D.C. Civil Action No. 69-2855 APPEAL FROM THE UNITED STATES DISTRICT COURT FOR THE EASTERN DISTRICT OF PENNSYLVANIA.
Biggs, Hastie and Gibbons, Circuit Judges.
This is a suit brought by Francis Shunk Brown, 3rd, Esquire, Trustee in Bankruptcy for I. J. Knight Realty Corporation (Knight), against Presbyterian Ministers Fund, Inc. (Presbyterian) to recover $97,789.45, together with interest and costs for the benefit of the estate. The following facts are largely undisputed, appearing from the record or stipulated by counsel, or appearing from letters of counsel, or from admissions at a post-argument conference.*fn1
In December, 1955, Presbyterian loaned Knight $200,000, secured by a mortgage on the latter's sole physical asset, real estate known as the Fretz Building, located at 10th and Diamond Streets in Philadelphia. Between 1959 and 1962, Knight was in default in amortizing the mortgage, and when in September of 1962, Knight defaulted on the interest due as well, Presbyterian became mortgagee in possession.
The shares of stock of Knight were at this time held as follows: Nathan Hoffman, 325 shares; Jacob Hoffman (Nathan's son), 150 shares; Marvin Hoffman (Nathan's son), 112 1/2 shares; Seymour Hoffman (Nathan's son), 112 1/2 shares. Nathan Hoffman was President of the corporation and Seymour Hoffman was Secretary. Both Nathan and Seymour were directors.*fn2
On November 16, 1962, when the principal balance remaining on the mortgage was $149,000, Presbyterian agreed to sell the mortgage to Nathan Hoffman for $65,000. This agreement was entered into with the knowledge and approval of all of Knight's officers, directors, and shareholders.*fn3 Later on that same day, Knight filed a petition in bankruptcy stating that the corporation was unable to meet its debts as they matured and proposing an Arrangement pursuant to Chapter XI of the Bankruptcy Act. Brown was appointed Receiver and authorized by then District (now Circuit) Judge Van Dusen to conduct the business of Knight. Still later on the same day, Presbyterian gave to Seymour Hoffman a letter reflecting the agreement and acknowledging receipt of $2,500 on account of the $65,000. An additional $2,500 was to be paid no later than November 26, 1962, and settlement was to be made by January 15, 1963.*fn4 Presbyterian knew of Knight's bankruptcy petition and that Nathan and Seymour Hoffman were officers and shareholders of Knight. Receiver Brown, on the other hand, was unaware of the agreement between Presbyterian and the Hoffmans.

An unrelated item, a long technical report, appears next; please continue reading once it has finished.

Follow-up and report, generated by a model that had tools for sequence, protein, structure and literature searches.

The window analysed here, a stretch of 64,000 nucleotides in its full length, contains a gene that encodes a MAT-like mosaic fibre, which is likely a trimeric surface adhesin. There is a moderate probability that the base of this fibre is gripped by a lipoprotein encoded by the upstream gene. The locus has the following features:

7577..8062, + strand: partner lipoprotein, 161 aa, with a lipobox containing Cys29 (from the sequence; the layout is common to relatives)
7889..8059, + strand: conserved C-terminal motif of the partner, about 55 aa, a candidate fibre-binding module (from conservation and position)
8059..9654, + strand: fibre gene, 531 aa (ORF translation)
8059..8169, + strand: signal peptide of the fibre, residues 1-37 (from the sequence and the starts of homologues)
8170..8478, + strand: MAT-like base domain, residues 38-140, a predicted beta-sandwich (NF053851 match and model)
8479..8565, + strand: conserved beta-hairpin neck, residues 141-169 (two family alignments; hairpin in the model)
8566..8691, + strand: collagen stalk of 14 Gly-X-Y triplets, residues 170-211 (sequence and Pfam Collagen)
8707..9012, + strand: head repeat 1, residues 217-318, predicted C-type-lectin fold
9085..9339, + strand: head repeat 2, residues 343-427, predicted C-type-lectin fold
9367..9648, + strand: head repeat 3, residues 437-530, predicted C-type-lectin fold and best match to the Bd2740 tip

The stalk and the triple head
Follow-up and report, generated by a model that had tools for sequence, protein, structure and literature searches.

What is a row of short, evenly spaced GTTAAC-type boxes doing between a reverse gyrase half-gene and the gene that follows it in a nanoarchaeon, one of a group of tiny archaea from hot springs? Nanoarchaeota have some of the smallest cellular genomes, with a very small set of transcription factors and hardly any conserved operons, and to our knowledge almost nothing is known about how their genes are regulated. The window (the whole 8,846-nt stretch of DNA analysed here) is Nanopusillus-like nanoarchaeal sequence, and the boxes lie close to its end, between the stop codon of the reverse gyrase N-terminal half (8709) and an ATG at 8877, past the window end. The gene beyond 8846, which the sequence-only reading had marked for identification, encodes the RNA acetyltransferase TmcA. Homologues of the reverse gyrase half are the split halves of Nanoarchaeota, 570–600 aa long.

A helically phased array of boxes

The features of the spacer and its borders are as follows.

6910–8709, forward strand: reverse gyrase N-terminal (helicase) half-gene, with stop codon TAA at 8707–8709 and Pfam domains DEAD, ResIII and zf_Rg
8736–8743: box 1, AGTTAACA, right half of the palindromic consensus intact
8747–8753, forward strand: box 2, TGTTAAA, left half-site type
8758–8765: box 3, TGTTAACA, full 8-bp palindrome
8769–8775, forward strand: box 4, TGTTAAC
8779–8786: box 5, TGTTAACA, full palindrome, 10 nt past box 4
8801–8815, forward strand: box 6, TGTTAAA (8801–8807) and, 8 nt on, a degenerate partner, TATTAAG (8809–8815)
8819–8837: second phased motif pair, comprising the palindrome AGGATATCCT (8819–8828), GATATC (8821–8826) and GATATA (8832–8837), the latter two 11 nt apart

On November 26, 1962, Presbyterian acknowledged receipt of another $2,500 payment from Seymour Hoffman toward the purchase price.*fn5
On January 1, 1963, the Fretz Building was totally destroyed by fire. With the advent of insurance proceeds (which amounted to $800,000), Presbyterian deemed itself to be in an excellent position to receive full payment on its mortgage loan if it could avoid its contractual commitment to settle the mortgage for $65,000. J. B. Millard Tyson, Esq., attorney for Presbyterian, testified at an October 16, 1963 hearing before the Referee in Bankruptcy that "then on the first of January the fire occurred. I promptly told Mr. Hoffman that the basis for having given him this agreement was now over. We did not intend to go through with any sale of the mortgage. * * * So the letter [of November 16, 1962, from Presbyterian to Seymour Hoffman] was still outstanding, but we refused to go through with it. The Ministers' Fund discussed it and decided the purpose was to take this white elephant off our hands, and now we would just be exchanging really two and a half dollars for one dollar. So we wouldn't go through with it at that point."*fn6 On May 13, 1963, in consideration of the return of the $5,000 "and other considerations,"*fn7 Nathan and Seymour Hoffman agreed to and purported to release Presbyterian from its obligation to sell the Hoffmans the mortgage.
On May 14, 1963, Knight was declared bankrupt and Receiver Brown was elected Trustee of the bankrupt corporation. Brown was still not aware at this time of the contract to purchase the mortgage, nor its purported cancellation. An insurance settlement of $800,000 was reached with the insurers, Lloyd's of London and other British companies, and on August 23, 1963, Brown petitioned the bankruptcy court for leave to compromise the insurance claims. Hearings were held on this matter on October 16, October 28, and November 7, 1963, and it was then that Brown first learned of the Presbyterian-Hoffman deal and its purported recision. Thereafter, on February 3, 1964, Brown filed an Amended Petition for Leave to Compromise Claim stating in part:
7. Against this background the British Carriers have agreed to pay the full compromise figure of $800,000.00 to your Petitioner upon the following terms and conditions: * * *
(c) That Presbyterian Ministers' Fund release all claims which it may have against the British Carriers under insurance policy No. 83872.
8. * * * The Presbyterian Ministers' Fund refuses to give such a release to the British Carriers unless it is paid the current amount due on such mortgage or unless some other arrangement is made which will insure that it will be paid in full in the event that your Petitioner is unsuccessful in asserting his ...